What Might it Mean for the United States to Achieve Equity for Older Adults of Color?

In 2020, events compelled Americans to reckon with the inadequacy of focusing on equality rather than equity in pursuit of the nation’s stated goal of treating all people fairly.

Equality requires that each person has the same opportunity, but equity necessitates that each person has what they need to thrive and race no longer determines one’s social or economic upward mobility. To focus on equity means recognizing that people are starting from different circumstances and that the reason some people are further behind is not due to deficits within them, their families or their communities. Rather, the disparities they experience are grounded in systemic barriers, including structural racism—that is, the policies, programs and institutional practices that facilitate the well-being of white people, while creating barriers to the well-being of people of color.

The inequities people experience can accumulate over their lifetimes, leaving their well-being in old age uncertain. This is particularly true for older people of color. An Urban Institute analysis showed that people’s lifetime earnings differ markedly by race and gender. Among people born between 1950 and 1964 (people ages 58 to 62 at the time of the analysis), average real lifetime earnings were $2.7 million among white men, $2 million among Latinos and $1.8 million among Black men.

Women had even fewer lifetime earnings: white women typically had $1.5 million, Latinas $1.1 million and Black women $1.3 million. Frequently, such disparities are attributed to a lack of education among people of color—that is, to a deficit. However, the data do not support this explanation.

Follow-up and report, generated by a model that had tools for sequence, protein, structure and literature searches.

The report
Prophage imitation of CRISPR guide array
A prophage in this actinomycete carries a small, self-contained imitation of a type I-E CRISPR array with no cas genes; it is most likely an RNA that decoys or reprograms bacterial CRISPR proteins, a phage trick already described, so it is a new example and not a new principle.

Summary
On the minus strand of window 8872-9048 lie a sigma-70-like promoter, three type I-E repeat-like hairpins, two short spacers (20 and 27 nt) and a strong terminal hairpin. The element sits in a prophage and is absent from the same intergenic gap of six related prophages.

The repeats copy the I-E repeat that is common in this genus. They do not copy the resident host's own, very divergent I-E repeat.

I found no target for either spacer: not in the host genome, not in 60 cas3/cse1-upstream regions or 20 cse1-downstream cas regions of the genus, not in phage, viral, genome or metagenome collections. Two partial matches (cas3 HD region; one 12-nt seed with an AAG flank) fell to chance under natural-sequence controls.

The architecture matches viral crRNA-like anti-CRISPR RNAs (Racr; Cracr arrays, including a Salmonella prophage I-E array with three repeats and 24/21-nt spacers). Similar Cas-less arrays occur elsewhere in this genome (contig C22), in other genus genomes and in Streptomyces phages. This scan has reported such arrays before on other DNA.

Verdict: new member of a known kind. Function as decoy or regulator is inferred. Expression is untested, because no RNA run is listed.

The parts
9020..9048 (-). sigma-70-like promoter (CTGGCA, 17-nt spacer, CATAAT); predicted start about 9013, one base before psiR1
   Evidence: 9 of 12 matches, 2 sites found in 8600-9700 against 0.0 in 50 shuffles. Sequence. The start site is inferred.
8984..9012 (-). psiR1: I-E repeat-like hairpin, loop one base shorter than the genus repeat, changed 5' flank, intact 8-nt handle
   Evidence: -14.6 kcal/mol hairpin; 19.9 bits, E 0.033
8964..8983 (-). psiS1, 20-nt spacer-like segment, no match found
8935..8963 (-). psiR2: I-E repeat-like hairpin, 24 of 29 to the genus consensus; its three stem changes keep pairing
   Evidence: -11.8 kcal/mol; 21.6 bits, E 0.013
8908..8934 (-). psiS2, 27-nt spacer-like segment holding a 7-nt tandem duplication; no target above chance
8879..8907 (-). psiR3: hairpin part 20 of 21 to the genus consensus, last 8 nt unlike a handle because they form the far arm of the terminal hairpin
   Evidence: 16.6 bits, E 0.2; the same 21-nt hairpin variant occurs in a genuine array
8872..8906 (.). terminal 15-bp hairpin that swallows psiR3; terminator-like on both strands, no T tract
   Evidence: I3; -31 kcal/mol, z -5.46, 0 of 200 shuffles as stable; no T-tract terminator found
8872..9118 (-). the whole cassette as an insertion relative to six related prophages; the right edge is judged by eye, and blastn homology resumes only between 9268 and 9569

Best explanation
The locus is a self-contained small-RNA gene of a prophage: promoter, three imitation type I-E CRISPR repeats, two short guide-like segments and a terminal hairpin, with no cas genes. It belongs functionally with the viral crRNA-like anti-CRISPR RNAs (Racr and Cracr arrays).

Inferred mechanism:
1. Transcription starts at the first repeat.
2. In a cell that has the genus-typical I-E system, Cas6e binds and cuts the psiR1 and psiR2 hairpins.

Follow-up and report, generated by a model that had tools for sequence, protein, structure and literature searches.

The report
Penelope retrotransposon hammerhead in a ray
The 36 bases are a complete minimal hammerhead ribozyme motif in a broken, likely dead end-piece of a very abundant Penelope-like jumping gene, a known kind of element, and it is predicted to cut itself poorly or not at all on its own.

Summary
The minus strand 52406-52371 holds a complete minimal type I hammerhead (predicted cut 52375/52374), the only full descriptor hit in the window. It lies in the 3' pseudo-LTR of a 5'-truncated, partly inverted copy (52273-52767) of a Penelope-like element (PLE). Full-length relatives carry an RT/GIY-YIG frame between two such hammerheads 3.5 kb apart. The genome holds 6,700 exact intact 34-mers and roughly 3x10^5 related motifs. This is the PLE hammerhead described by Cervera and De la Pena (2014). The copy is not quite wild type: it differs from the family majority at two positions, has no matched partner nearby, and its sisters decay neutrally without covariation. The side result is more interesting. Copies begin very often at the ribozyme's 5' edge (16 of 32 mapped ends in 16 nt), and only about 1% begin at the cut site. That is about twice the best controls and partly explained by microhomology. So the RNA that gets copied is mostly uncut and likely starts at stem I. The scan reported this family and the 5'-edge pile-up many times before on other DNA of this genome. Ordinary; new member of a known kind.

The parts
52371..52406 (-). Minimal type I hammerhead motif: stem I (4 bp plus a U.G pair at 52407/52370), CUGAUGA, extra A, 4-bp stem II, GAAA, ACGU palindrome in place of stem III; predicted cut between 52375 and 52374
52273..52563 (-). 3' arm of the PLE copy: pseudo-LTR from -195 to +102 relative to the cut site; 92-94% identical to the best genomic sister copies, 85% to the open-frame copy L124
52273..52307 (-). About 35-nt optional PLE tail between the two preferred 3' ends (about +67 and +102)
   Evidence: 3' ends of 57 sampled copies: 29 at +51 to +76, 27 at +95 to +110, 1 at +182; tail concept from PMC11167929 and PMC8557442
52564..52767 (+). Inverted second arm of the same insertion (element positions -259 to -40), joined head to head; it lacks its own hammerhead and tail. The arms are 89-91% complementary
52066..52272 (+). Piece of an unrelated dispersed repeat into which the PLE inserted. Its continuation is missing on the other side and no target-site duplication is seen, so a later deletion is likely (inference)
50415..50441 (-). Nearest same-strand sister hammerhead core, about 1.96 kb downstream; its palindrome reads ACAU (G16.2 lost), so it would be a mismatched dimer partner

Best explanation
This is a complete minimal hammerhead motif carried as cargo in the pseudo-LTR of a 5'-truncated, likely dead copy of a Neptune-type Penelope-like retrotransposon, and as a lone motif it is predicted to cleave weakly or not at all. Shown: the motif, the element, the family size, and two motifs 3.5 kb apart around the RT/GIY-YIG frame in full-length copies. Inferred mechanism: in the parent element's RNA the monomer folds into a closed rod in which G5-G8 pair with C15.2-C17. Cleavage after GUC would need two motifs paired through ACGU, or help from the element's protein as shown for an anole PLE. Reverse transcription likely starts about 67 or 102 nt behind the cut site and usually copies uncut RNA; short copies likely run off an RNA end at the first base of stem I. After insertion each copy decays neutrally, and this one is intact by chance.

Black Workers Face Labor Market Barriers Regardless of Their Education Level

The data show that Black workers at every level of educational attainment typically experience higher rates of unemployment and part-time work when they would prefer full-time work, longer periods of unemployment and lower wages than white workers. In other words, Black workers with high school degrees and those with advanced degrees both experience these same disparities.

Black women have a long history of labor market participation and have consistently shown higher rates of labor force participation than white women. Despite this, Black women experience higher rates of unemployment and periods of involuntary part-time employment, longer periods of unemployment and lower wages than white women and white men, at every level of educational attainment.

Rigorous research found that discrimination in the labor market persists. For example, one study of hiring practices from 1989 to 2017 showed that white applicants received 36 percent more callbacks than Black applicants, and 24 percent more than Latinos. The Institute for Women’s Policy Research estimated that if progress on pay inequity proceeds at its current (slow) pace, it would typically take approximately 40 years for women to achieve pay equity, more than 100 years for Black women and 200 years for Latinas.